One way you can do it is to start with a platonic solid with triangular sides - an octahedron, for example. Then, take each triangle and recursively break it up into smaller triangles, like so:
Once you have a sufficient amount of points, you normalize their vectors so that they are all a constant distance from the center of the solid. This causes the sides to bulge out into a shape that resembles a sphere, with increasing smoothness as you increase the number of points.
Normalization here means moving a point so that its angle in relation to another point is the same, but the distance between them is different.
Here's a two dimensional example.
A and B are 6 units apart. But suppose we want to find a point on line AB that's 12 units away from A.
We can say that C is the normalized form of B with respect to A, with distance 12. We can obtain C with code like this:
#returns a point collinear to A and B, a given distance away from A.
function normalize(a, b, length):
#get the distance between a and b along the x and y axes
dx = b.x - a.x
dy = b.y - a.y
#right now, sqrt(dx^2 + dy^2) = distance(a,b).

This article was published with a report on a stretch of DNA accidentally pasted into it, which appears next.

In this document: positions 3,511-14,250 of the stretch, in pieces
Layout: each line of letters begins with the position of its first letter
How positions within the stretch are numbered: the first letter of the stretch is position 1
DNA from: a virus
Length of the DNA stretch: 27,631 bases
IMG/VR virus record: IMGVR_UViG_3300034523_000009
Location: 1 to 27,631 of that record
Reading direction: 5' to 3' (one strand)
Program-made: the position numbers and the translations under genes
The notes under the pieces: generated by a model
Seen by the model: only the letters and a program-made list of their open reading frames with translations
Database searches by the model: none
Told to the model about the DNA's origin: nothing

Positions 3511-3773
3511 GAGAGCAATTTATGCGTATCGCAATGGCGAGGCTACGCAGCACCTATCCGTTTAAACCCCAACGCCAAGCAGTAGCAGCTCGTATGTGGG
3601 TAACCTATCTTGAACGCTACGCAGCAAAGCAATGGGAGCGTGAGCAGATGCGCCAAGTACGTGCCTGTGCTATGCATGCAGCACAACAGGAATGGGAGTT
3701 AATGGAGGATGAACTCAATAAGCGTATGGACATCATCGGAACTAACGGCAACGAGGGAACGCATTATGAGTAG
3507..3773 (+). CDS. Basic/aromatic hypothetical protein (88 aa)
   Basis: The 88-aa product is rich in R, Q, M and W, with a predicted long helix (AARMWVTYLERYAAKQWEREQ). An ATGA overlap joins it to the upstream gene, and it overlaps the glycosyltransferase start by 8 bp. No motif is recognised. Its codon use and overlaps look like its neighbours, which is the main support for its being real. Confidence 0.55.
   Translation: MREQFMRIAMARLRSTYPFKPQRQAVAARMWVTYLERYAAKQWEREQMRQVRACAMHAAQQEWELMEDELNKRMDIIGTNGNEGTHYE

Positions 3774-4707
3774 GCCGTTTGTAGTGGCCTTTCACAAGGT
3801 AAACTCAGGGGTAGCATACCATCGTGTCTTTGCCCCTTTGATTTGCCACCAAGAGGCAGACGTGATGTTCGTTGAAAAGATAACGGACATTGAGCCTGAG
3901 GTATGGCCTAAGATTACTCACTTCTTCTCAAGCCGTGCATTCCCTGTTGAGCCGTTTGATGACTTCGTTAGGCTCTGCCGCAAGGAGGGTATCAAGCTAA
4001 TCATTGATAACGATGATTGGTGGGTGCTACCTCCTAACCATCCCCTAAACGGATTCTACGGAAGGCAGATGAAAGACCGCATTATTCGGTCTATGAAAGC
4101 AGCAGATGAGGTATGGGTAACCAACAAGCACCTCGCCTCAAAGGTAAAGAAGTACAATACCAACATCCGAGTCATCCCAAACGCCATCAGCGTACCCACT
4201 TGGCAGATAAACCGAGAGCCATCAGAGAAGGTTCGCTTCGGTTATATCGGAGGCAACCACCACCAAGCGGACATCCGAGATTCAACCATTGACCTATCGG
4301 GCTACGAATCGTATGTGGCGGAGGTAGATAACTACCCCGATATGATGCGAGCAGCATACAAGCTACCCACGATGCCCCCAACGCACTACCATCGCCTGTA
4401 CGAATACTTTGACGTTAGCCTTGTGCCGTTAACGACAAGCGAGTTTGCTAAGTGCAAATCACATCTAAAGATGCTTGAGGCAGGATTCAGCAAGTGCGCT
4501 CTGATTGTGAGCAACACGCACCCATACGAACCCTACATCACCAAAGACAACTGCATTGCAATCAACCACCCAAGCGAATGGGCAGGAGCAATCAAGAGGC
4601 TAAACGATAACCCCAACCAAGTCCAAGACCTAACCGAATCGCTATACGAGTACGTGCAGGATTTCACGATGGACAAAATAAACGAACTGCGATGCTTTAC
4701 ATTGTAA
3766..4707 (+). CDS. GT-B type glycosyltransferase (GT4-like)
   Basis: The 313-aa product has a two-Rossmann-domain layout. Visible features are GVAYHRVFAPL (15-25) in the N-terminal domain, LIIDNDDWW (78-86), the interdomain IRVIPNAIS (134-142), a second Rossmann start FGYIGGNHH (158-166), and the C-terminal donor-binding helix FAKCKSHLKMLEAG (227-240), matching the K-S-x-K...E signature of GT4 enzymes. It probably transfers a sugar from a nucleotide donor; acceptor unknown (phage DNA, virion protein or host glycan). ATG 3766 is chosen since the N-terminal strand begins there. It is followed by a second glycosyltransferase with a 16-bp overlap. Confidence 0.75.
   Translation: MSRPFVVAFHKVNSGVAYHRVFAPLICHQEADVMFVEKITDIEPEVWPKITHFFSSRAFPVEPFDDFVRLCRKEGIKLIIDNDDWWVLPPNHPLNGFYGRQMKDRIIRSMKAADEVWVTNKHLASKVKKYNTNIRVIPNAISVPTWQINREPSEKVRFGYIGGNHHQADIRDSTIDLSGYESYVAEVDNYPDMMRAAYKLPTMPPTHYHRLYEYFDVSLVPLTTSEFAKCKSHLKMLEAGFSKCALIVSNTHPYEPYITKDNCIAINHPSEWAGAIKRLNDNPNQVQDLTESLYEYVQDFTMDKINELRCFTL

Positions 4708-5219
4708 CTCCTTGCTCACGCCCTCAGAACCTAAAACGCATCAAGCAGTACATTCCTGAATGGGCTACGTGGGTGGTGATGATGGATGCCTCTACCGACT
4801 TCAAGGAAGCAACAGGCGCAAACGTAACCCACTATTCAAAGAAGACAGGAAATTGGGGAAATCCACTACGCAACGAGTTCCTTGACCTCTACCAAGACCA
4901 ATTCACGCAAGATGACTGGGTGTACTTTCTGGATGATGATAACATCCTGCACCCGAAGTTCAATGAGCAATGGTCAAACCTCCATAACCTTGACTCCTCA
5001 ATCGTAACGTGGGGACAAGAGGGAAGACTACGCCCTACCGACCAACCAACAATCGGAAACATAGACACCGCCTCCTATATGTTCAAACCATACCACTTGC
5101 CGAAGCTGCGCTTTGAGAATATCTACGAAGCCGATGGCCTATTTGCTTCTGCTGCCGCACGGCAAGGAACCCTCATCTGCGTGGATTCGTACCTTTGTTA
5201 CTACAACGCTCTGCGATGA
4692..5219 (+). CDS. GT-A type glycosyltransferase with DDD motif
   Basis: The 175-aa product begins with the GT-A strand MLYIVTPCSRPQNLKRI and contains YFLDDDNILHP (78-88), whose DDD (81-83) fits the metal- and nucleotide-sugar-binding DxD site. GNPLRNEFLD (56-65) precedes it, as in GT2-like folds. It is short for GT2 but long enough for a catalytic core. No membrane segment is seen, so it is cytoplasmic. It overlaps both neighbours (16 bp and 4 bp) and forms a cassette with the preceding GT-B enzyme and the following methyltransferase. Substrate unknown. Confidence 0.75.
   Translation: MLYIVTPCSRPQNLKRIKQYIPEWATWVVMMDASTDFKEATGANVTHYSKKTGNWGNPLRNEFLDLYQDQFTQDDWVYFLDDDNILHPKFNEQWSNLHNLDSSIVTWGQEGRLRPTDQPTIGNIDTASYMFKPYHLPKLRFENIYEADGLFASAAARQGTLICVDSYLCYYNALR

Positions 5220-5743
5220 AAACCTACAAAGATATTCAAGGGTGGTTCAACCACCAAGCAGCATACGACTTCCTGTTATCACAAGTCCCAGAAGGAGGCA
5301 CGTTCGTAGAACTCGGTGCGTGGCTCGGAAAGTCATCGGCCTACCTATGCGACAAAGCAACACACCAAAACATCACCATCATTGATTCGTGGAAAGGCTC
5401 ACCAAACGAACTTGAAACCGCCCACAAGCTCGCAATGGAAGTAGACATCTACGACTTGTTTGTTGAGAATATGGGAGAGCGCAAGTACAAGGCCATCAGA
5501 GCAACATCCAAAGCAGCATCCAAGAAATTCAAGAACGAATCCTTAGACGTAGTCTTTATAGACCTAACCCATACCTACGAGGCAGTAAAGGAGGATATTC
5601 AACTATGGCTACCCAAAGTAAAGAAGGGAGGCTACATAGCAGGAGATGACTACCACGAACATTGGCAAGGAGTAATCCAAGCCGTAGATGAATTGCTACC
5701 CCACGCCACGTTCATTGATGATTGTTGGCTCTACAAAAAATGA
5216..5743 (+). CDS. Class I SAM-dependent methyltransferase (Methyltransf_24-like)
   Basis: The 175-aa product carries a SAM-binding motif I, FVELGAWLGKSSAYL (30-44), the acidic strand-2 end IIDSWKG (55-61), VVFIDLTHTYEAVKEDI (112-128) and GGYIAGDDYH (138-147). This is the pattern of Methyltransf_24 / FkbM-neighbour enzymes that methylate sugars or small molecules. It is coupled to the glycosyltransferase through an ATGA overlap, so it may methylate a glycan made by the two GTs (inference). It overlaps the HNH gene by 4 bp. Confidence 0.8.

#we want to modify them so that sqrt(dx^2 + dy^2) = the given length.
dx = dx * length / distance(a,b)
dy = dy * length / distance(a,b)
point c = new point
c.x = a.x + dx
c.y = a.y + dy
If we do this normalization process on a lot of points, all with respect to the same point A and with the same distance R, then the normalized points will all lie on the arc of a circle with center A and radius R.
Here, the black points begin on a line and "bulge out" into an arc.
This process can be extended into three dimensions, in which case you get a sphere rather than a circle. Just add a dz component to the normalize function.
If you look at the sphere at Epcot, you can sort of see this technique at work. it's a dodecahedron with bulged-out faces to make it look rounder.